Based on what you hear in the industry, what do you think are the most respected and prestigious schools, departments or programs from this career?

The Missouri School of Journalism and the Brooks Institute of Photography are the two most prestigious schools that I know of for photojournalism.

Does graduating from a prestigious school make a difference in landing a good job in this field?

It helps. There are obviously many factors that go into getting a good job in the field but having that degree from a good school helps you to get that foot in the door.

What can students applying to schools of this kind do to increase their chances of being accepted?

Work harder than the next guy. It's really as simple as that.

What factors should prospective students consider when choosing a school?

First, find what makes you happy. Figure out what drives you and grab it with an iron fist. There are going to be different considerations for every individual student; there are as many different kinds of education as there are people in the world. Determine what works for you and be okay with that choice.

What other advice can you give to prospective students thinking about an education and career in this field?

Find mentors and learn from them like your life depends upon it.


The Actual Work

What exactly do you do on a daily basis?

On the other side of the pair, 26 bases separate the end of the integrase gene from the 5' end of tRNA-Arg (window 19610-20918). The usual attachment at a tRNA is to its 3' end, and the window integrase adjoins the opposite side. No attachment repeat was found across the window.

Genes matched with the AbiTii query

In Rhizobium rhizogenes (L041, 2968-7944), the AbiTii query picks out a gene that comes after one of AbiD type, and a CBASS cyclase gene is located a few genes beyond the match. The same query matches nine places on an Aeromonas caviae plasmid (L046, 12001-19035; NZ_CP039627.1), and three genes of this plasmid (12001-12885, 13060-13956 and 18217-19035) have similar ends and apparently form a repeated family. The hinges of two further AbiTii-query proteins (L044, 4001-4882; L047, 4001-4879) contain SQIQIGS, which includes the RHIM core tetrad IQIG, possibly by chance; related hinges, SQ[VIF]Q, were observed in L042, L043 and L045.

I tell stories with my camera. I take whatever the situation is - whether it is a wedding that I'm photographing or an event assignment that I've been given to cover for the newspaper - and I ask myself what the story is there. Then I search for the right moments to tell that story through pictures.

What are the most challenging aspects of your job?

The sheer volume of work that I have to maintain and the pressure to maintain very high standards are really difficult parts of working for a newspaper. Deadlines are generally the most stressful part of the job.

Best tip for a novice?

Don't compromise.

What tools of the trade does a newbie need to know?

Computers and cameras; live them, love them, know them.

Photojournalism Career Information, Trends & Advice

What are some common myths about your profession and how do they differ from the actual work?

The media is portrayed as the bad guy a lot of the time. In actuality, it's two bad apples that make the other 98% of us easy targets for that kind of misportrayal.

What contributions do you feel your job offers to society as a whole?

My work touches the lives of thousands. If, at the end of the day, I've done what I'm supposed to, lives can be changed.

What are the hottest specialties within the field of photojournalism over the next decade?

Multimedia is where it's at right now. There are changes happening to news and communication because of the Internet and being on top of those trends will be important to newcomers in the field.

What kinds of jobs are available for graduating students in this field?

Jobs on newspaper staffs have always been hard to attain. They're even more so now. Look to the web for really getting in to the areas where work is available. You stand a better chance of getting into the field that way.

What are the best ways to get a foot in the door?

Journalism is an ever-changing field. The more tools in your tool box the better. Never stop learning, never stop networking.

What other career advice can you offer graduates of this field?

Introduce yourself to people whose work you admire and learn all that you can from them.

In Closing

Do you feel that is important for someone to be passionate about photojournalism in order to be successful?

What's life without passion?